China and Pollution: What You Can Do

18 08 2009
From: Current, 2009

From: Current, 2009

I know this probably isn’t News to anyone, but China is pretty bad when it comes to pollution. Often the argument goes like this:

  • China’s recent history of water pollution, air pollution, and greenhouse gas emissions is higher than anywhere in the world.

But then there is the counter argument:

  • North Americans along with Western Europeans have far higher greenhouse gas emission rates per capita, in fact the emissions per person in china are about a quarter of those of his or her United States counterpart.

And my counter argument?:

  • If China’s pollution is so high when their per capita rate is so low, that means there are a few very large, very powerful corporations, power plants, etc in the East that are allowed to pollute without consequence, or so it seems to me. We can’t punish the already struggling and impoverished general population of that country.

My personal argument isn’t based in fact so much as it is in observation and inference. We often hear about industrial catastrophe’s in China such as the recent lead poisoning of nearly all children in one village. We see the polluted haze that consumes Beijing daily (the olympics sure didn’t help thier image). We know that the country is very rapidly running it’s water resources dry and on top of that, it is said that a major water pollution incident occurs every other day. In effect, most of these problems are partly induced by us westerners who demand Chinese goods day in and day out, from irons to computer chips. It is within our capacity to change the way China manufacturers it’s products. We have the ability to demand a clean manufacturing process and the fair treatment of employees by only purchasing goods that meet our requirements. Wal Mart, of all places, is sort of doing this. They are developing an environmental rating system for all products on their shelves, and if their manufacturers don’t comply, they’ve threatened to drop them. The catch here, is that the system will only apply to packaging, which Wal Mart says it will reduce by a whopping 5%. This doesn’t mean much in and of itself, but it may hopefully spawn a new movement towards consumer knowledge of what they are purchasing. A rating system that expalins the approximate greenhouse gas emissions created by that product, the amount of recyclable material within it, the exact toxins that go into the manufacturing process, the amount of water used. If the west were to make purchases based on this type of data and not solely price, then maybe we could see a great change in Chinese manufacturers?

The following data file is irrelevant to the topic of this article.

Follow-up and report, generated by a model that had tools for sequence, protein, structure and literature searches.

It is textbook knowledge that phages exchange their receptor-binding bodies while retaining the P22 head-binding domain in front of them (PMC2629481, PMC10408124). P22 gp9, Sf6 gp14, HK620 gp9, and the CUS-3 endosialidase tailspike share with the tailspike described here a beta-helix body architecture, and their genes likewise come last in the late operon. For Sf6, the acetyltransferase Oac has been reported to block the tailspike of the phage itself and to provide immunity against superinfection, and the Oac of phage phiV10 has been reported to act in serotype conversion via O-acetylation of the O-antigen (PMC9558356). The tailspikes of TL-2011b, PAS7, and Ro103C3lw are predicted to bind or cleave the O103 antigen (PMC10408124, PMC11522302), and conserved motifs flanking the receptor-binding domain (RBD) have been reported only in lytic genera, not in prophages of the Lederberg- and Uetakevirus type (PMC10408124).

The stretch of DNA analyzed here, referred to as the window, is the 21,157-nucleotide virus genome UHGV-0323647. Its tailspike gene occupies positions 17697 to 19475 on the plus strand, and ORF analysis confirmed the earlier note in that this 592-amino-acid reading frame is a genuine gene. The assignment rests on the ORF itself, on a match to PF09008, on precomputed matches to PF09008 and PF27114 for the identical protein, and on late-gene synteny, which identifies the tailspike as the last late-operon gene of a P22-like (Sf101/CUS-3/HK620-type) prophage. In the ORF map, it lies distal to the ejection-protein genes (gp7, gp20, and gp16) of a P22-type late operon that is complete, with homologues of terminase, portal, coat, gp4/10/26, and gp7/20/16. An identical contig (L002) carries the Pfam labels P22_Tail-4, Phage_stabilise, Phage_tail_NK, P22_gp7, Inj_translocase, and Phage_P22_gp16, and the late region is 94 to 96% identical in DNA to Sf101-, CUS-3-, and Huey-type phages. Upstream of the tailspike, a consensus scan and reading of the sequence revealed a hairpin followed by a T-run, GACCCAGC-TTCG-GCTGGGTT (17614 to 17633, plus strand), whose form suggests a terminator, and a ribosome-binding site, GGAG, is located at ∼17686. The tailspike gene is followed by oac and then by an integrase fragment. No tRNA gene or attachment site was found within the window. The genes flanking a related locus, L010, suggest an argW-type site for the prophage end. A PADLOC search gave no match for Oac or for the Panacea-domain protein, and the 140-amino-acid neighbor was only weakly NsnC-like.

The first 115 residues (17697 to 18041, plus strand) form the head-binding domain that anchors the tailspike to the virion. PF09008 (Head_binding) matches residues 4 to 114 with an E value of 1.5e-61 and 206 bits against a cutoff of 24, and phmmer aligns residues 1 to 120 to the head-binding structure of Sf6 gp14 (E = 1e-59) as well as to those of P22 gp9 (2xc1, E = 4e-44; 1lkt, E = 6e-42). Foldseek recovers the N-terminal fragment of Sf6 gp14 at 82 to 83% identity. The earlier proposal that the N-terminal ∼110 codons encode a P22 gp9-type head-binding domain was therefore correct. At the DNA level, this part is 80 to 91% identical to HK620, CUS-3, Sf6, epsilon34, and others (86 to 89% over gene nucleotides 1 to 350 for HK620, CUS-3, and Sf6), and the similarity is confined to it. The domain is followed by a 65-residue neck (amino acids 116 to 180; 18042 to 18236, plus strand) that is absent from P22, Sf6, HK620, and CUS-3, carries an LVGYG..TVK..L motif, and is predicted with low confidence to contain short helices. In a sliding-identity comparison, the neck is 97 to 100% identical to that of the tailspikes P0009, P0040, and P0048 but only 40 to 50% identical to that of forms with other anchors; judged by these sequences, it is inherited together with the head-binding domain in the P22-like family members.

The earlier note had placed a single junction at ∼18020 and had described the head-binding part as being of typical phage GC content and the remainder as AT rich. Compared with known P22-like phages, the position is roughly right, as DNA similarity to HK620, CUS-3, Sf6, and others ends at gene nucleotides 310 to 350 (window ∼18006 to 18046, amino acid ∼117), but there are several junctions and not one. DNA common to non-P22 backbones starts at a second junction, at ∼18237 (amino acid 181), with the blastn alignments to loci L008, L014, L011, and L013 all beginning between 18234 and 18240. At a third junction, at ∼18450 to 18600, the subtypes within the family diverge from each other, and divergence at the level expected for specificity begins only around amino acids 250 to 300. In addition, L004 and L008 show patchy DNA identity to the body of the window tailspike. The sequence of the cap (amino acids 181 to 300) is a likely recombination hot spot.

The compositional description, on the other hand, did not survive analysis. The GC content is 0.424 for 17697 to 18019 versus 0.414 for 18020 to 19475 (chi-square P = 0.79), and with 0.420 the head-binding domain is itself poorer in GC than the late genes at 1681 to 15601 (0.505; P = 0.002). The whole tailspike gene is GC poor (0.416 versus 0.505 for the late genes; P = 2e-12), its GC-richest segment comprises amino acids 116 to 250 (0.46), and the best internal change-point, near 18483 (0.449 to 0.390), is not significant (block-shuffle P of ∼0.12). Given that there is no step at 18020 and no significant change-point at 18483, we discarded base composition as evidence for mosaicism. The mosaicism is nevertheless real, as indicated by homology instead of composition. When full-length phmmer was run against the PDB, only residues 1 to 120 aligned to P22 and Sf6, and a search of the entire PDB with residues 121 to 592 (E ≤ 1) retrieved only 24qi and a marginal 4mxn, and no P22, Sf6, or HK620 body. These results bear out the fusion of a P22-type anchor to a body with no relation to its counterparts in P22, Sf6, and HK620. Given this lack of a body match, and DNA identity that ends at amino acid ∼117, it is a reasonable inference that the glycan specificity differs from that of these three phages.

For now, you can look desparately for North American made products (occassionaly you can still find some clothing, shoes, office products, etc.), and you can improve your knowledge of the manufacturing industry in China. Two relatively mainstream documentaries are worth watching: WalMart: The High Cost of Low Prices, and Manufactured Landscapes. You can also support Human Rights Watch or support any number of environmental organizations, many of which will be involved with China in some way.

We can’t blame the country of China for the environmental problems of the world. We in the west have certainly been polluting for a longer period of time. Consider our industrial revolution was over 100 years ago, China’s has happened within the past 20 years. However, they are not going to change all by themselves. A quote from Wang Yongli, a water engineer in Shijiazhuang says, “We have a water shortage, but we have to develop…And development is going to be put first…In Israel [where there are also extreme water shortages], people regard water as more important than life itself. In Shijianzhuang, it’s not that way. People are focused on the economy.” If we as consumers show that we want environmental and social justice through our purchases by buying locally as much as possible, maybe the Chinese will then see the need to meet western regulations on both the environment as well as human rights. This is as much our problem as it is theirs. Don’t blame China until you stop supporting their dirty industries with your wallet and demand change.